Since he's already paying gratitude, Zardari should also give thanks to Zalmay Khalizad, the U.S. representative to the U.N. Khalizad made headlines recently when the New York Times reported he overstepped boundaries by making several "unauthorized contacts" with Zardari. Khalizad maintains these emails were purely of a "social" nature. However, according to many, Khalizad gave Zardari advice on how to oust General Musharraf from power. If that information is indeed true, then the ramifications are quite troubling. The United States has "officially" declared itself "neutral" in the wake of Pakistan's new power shift, however this evidence strongly suggests the United States still has its sticky fingers in the Pakistani political cookie jar.
The New York Times reported a senior United States official confronting Khalizad about his unauthorized "extracurricular activities":
"Can I ask what sort of 'advice and help' you are providing?" Mr. Boucher wrote in an angry email message to Khalilzad. "What sort of channel is this? Governmental, private, personal?"
According to commentator Tariq Ali, Zalmay, a Dick Cheney protégé who was primarily responsible for the implementation of the now utterly impotent Hamid Karzai in Afghanistan, wants Zardari as a "pliant president in Pakistan."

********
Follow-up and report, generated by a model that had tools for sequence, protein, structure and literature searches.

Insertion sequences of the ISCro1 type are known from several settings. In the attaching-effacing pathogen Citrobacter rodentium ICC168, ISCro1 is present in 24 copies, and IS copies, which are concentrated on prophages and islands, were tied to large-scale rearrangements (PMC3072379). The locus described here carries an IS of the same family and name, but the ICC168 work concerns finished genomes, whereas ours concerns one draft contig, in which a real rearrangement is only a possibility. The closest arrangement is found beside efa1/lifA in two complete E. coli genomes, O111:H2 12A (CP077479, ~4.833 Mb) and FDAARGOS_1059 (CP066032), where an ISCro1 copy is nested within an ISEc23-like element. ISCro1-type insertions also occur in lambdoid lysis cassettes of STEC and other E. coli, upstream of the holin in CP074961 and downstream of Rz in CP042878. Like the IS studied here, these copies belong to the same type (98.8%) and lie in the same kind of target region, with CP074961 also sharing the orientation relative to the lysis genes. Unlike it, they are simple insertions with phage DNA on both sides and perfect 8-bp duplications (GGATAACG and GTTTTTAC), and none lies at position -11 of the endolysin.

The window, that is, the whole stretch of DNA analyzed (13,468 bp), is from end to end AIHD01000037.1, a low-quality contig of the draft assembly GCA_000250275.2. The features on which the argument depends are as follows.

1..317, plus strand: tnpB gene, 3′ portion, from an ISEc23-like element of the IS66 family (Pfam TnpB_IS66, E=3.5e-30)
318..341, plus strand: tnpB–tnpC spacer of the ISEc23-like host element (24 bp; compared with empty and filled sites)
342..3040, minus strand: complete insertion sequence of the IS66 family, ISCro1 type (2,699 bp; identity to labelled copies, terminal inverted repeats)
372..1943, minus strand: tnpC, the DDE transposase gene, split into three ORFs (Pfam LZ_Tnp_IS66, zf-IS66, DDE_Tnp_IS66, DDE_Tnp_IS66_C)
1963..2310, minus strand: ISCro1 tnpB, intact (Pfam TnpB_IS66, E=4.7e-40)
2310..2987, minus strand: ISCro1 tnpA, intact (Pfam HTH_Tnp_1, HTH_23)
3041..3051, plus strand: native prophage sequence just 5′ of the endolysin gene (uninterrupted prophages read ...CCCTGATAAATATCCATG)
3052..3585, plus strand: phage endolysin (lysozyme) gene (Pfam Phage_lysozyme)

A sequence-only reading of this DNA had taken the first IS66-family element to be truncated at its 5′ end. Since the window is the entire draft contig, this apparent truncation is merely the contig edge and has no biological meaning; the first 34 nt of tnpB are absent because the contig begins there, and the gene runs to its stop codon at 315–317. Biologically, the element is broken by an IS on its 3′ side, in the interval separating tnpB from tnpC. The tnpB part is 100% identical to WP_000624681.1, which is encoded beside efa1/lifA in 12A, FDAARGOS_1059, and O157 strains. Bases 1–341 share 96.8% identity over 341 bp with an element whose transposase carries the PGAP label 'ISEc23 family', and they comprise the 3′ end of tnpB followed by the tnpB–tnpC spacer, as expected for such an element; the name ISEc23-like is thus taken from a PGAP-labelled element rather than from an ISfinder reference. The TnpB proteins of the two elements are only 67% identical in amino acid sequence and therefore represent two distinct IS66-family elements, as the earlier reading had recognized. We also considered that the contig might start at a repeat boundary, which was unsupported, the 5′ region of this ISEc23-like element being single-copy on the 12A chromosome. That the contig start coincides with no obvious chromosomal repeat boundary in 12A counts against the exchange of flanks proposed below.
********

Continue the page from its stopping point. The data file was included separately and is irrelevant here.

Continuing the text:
Speaking of Karzai, one should recall the blisteringly informative session between him and Palin, in which the press was given access for less than 2 minutes. Instead of discussing the absolutely critical and urgent reassessment of U.S. regional policy in Central Asia, we were treated to mindless banter about Karzai's infant son. Truly, these are auspicious signs of a new, enlightened foreign policy. One hopes Palin didn't ask Zardari for his genealogy chart.
Instead, one can only pray a U.S. official - any U.S. official for that matter - wouldn't mind asking Zardari why he has yet to honor his initial commitment in reinstating the judiciary and Chief Justice Iftikhar Chaudhry, both of whom were undemocratically sacked by our "democratic" ally Musharraf for not yielding to his tyrannical whim?
In order to facilitate the brokered relationship with Bhutto, Santa Musharraf gave Zardari the best Christmas present of all time in the form of the 2007 National Reconciliation Ordinance. This was a loathsome piece of Machiavellian legislation that granted amnesty to politicians, bureaucrats and political workers accused of corruption, embezzlement, money laundering, murder and terrorism. Naturally, Chief Justice Chaudhry suspended the unlawful Ordinance, only to be later suspended himself by Musharraf on trumped up and vague "corruption charges." Honorably, Zardari was the most deserving recipient of this delightful Ordinance. As of last year, he was embroiled in several, massive corruption cases in over four different countries, none of which were vague figments of dictatorial fantasy.
Thankfully for Zardari, Christmas seems to coming twice this year since millions of Zardari's Swiss funds have just been released after the dropped corruption charges, thereby effectively making Zardari one of the richest men in Pakistan. A beneficiary of serendipity, Zardari is unique amongst billionaires for making his magical fortune without any semblance of a legitimate job or a functioning business.